Roll over to display the Hα signal only. North is to the right 1600x1105
Objects: The great spiral close to home
Coordinates of field center: 1h 34m 30s +30° 43'
Notes: Large galaxy with a very extended dynamic range and complex HII regions.
Telescope and camera: ASA 10', f 3.6; SBIG STL 11000.
Exposure: Luminance 52x8'; Hα 94x8'; R, B 12x10''; G 12x8". About 25 hrs total.
Date: 7 nights on September, October 2010.
Software used: acquisition, CCDsoft, The Sky 6, CCDcommander. Calibration; registration and stacking: CCDstack; processing: PixInsight, Photoshop CS.
Often a galaxy needs some special processing to abate the brightness of the bulge without loosing contrast here, as it would happen with a simple non linear stretching. My technique of choice for galaxies is the creation of an artificial luminance model for the central bulge which is subtracted from the luminance frame. In this way more "space" is opened up at the top of the range for the dynamic expansion. This procedure is applied on the 32 bit sum of the luminance frames. Here, for illustration purpose, I will show it on a strongly stretched image.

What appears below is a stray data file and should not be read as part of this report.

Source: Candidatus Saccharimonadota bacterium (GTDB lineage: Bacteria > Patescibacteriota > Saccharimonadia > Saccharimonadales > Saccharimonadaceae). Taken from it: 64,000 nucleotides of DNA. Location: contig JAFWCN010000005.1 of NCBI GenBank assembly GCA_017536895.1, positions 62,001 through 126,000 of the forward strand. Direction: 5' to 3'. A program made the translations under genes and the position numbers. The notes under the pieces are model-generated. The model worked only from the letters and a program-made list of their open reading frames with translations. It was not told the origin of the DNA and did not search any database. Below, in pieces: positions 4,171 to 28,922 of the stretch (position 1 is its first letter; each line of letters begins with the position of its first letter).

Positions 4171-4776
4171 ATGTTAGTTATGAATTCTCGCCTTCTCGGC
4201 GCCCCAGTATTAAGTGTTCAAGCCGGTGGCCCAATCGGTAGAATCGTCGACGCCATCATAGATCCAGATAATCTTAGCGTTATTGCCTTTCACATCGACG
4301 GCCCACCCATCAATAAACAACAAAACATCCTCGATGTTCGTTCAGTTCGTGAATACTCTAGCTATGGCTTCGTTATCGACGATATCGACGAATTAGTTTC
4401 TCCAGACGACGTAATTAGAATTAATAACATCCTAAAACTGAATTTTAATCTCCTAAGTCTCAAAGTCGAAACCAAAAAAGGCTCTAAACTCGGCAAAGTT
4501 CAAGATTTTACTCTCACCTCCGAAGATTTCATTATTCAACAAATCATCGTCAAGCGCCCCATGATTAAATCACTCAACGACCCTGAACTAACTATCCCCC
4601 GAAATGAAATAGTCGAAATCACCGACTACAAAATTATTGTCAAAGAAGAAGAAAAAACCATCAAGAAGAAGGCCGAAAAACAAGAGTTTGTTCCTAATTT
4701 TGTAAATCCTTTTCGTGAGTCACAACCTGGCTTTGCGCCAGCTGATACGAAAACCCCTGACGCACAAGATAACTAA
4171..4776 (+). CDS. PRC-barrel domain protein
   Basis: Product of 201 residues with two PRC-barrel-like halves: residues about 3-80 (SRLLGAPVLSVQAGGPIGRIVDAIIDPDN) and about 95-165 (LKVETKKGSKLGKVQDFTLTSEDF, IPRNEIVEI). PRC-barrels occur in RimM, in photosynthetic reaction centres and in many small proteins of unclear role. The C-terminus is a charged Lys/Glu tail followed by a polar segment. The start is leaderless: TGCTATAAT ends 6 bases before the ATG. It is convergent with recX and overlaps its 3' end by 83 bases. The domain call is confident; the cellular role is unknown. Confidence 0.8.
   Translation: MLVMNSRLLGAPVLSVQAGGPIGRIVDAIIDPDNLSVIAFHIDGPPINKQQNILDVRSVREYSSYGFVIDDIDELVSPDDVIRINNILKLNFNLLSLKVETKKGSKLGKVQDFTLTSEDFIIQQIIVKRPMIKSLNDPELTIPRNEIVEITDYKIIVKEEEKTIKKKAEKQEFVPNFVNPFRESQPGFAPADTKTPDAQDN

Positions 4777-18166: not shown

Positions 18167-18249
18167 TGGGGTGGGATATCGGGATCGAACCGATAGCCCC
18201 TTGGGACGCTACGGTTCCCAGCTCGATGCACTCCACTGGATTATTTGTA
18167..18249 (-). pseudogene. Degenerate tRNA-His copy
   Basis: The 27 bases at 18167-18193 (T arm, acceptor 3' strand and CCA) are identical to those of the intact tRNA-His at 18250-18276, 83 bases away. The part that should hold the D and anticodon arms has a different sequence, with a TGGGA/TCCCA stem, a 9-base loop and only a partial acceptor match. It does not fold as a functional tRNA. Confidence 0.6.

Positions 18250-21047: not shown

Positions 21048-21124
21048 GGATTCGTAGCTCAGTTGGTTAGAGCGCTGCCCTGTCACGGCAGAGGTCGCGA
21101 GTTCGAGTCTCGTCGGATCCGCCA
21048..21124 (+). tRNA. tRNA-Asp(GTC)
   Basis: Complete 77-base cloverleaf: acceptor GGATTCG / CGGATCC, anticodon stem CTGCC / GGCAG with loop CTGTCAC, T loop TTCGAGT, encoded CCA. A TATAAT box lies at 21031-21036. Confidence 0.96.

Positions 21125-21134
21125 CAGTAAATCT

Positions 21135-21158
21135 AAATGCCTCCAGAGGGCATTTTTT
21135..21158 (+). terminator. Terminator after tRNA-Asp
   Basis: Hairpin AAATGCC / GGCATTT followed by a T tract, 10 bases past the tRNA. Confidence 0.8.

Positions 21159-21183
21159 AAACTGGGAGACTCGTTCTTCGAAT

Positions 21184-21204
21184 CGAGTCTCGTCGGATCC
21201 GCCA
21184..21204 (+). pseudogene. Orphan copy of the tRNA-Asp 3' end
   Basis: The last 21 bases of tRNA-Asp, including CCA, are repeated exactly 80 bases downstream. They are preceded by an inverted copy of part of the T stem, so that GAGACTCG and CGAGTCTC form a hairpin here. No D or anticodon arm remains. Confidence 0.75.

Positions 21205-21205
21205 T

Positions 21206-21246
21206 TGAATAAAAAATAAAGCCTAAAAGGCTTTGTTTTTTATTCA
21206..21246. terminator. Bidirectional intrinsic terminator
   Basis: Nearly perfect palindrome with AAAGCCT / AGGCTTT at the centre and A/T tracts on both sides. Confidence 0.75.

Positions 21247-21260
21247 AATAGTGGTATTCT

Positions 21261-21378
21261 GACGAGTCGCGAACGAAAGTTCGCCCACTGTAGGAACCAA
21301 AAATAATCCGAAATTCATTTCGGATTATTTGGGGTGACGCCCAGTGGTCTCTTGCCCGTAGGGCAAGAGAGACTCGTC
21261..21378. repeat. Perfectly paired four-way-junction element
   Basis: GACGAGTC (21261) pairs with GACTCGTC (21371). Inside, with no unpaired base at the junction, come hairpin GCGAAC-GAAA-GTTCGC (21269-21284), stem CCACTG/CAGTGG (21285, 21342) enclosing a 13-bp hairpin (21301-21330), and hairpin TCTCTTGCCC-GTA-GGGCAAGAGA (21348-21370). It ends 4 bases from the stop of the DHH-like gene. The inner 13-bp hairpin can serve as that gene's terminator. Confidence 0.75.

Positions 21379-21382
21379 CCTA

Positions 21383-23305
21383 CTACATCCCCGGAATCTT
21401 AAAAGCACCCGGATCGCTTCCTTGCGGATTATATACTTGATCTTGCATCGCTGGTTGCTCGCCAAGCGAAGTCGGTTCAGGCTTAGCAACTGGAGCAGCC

Roll over to see the luminance model
There are many ways to create the model, my own favorite is based on the use of the DBE processor of PixInsight LE. DBE is normally used to create a background model for the correction of gradients and other illumination artifacts. In brief, DBE places, either automatically or manually, a grid of sampling points on the image. Then a luminance function fitting the readings on the sample points is created. By careful placing the sampling points and with the proper choice of the parameter describing the smoothness of the computed fitting function (Smoothness 0.0025 in this example), DBE can be used to build a very smooth model. In practice it looks like an heavily low-pass filtered version of the luminance frame without any artifact due to the presence of stars.
The model is subtracted from the luminance frame and the result can be blended with the original luminance to regulate the strength of the desired effect. The roll over shows the subtracted data: the relative brightness of the central bulge is less in the subtracted image and the contrast of the spiral arms is much improved.
Roll over to see the luminance frame after subtraction of the bulge model
Copyright © 2011 by Gimmi Ratto. (February 14, 2011)